Epson introduces new era of open innovation and commits to people and planet-focused R&D
- Change driven by believe that innovation culture can’t be achieved through top-down mandate
- Adding to product-based R&D, focus will be on the development of new materials and technologies that reduce environmental impact
- Preview of new solutions given – naturally derived (non-plastic) materials and recycled powdered metals
Six months after announcing its ¥100 Billion investment into sustainable technology innovation, Epson is further committing that its focus for future R&D investment will be on the development of new materials and technologies to reduce environmental impact.
To achieve this, and to advance global competitiveness, Epson is rethinking the fundamental ways in which it generates ideas and brings them to market, supported by new innovation and venture capital funds.
Epson is shifting to become a more open working environment with a ‘bottom-up’ culture to encourage and empower its teams to identify and share new opportunities faster.
Guided by a strong principle that all innovation to be rooted in solving societal problems – from minimising resources to reducing waste – employees will be better supported to share and collaborate on new ideas, with an overriding focus on sustainable solutions.
Changes will also include employees being consulted on workplace environment and managerial styles to ensure an open culture.
Epson has committed not to pursue excessive revenue growth in favour of generating fair profit, and to supporting a sustainable society through open partnerships and co-operations leveraging its proprietary technologies, products and services.
Epson will also further leverage Epson X, its dedicated venture capital innovation fund set up in 2020 to accelerate collaboration and open innovation, with an initial ¥5 billion ($72m) for venture investment.
“For innovation to be truly transformative, it requires cultural change and collaboration. These initiatives are about ensuring that all voices are heard, and all ideas are considered, as we do our part in acting for society and the environment,” says Yoshiro Nagafusa, European President, Epson.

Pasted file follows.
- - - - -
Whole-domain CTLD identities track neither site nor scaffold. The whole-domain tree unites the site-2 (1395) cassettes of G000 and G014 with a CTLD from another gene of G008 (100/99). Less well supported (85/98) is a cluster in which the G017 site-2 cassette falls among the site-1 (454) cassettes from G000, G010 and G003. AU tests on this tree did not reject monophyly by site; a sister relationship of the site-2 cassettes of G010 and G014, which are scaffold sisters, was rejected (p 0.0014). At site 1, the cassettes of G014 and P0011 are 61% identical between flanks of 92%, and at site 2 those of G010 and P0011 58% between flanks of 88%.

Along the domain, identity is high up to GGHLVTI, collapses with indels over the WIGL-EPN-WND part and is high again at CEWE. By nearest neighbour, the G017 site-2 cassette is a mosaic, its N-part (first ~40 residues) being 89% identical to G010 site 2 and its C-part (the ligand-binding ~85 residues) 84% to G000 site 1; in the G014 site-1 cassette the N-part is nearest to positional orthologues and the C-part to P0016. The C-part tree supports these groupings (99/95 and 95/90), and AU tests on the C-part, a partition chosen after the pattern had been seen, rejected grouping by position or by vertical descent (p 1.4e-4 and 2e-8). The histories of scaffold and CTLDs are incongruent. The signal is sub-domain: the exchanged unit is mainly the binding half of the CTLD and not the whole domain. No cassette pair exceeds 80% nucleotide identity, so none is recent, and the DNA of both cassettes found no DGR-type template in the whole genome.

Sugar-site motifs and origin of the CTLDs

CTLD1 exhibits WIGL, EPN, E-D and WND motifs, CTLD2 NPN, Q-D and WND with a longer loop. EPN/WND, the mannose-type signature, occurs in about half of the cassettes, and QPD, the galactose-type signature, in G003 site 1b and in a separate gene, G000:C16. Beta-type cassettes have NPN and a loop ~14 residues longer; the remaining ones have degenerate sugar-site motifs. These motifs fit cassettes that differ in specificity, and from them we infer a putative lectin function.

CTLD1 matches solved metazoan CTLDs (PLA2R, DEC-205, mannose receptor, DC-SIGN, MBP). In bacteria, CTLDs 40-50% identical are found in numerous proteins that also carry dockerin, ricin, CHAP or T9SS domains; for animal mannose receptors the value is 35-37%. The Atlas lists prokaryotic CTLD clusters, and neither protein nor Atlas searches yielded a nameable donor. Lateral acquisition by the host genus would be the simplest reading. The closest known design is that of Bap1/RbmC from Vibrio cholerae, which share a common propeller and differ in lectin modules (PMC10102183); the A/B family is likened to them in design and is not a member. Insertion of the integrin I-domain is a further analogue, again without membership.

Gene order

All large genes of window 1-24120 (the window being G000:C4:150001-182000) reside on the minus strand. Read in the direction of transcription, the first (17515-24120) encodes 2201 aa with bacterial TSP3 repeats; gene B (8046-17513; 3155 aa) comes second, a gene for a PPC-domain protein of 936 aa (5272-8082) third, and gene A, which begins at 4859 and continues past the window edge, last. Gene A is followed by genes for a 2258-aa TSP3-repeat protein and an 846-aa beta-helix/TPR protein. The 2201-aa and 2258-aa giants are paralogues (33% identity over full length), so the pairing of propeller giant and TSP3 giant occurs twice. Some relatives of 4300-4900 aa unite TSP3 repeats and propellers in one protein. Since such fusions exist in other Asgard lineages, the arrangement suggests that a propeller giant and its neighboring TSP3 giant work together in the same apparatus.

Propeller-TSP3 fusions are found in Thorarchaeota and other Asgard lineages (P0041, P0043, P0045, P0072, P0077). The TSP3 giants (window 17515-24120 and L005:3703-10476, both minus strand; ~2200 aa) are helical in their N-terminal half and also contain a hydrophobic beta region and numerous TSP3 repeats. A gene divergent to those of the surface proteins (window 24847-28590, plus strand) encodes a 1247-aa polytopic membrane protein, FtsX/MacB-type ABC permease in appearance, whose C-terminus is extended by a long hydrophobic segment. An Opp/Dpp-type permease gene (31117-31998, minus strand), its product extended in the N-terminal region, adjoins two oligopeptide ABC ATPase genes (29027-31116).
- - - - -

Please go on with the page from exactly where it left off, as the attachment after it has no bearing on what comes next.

“We see open innovation as a key driver for our future – increased collaboration, partnerships and shared knowledge enable development and innovation for the better. This is true whether we look inside our own business or outside to collaborate with others in order to solve complex problems.
“While we have long sought to operate within a healthy and open-minded corporate culture, it is important for us to keep evolving.”
Alongside this commitment, Epson is previewing the advances it has already made in the form of ground-breaking biodegradable and recyclable materials and innovations including biomass plastics and recycled powdered metals.
Practically demonstrating the benefits of open innovation, Epson has contributed to the development of a new form of bioplastic (plastics derived from biological sources) as part of a collaborative consortium of organisations 1. ‘Pararesin’ is a promising new biomass plastic that uses paramylon, a stored polysaccharide in Euglena algae. The consortium aims to have the capacity to supply approximately 200,000 tonnes of the marine-degradable, biomass-derived plastic annually by 2030 as a viable alternative to conventional plastics.
“The low rate of effective waste plastic use and the environmental pollution caused by marine plastics have become significant global problems,” continues Yoshiro Nagafusa.
“We believe in providing solutions to benefit both people and planet, replacing fossil-fuel-based resins and reducing carbon dioxide emissions and environmental impact.”
Epson is working through its subsidiary company, Epson Atmix, to build a circular manufacturing infrastructure by creating products for 3D moulding using metal powders refined from waste metals that can be used to create components including car and electrical parts.
“We’re very proud of these developments and Epson’s R&D strategy which is rooted in a firm commitment to developing innovative technologies that help solve societal issues.”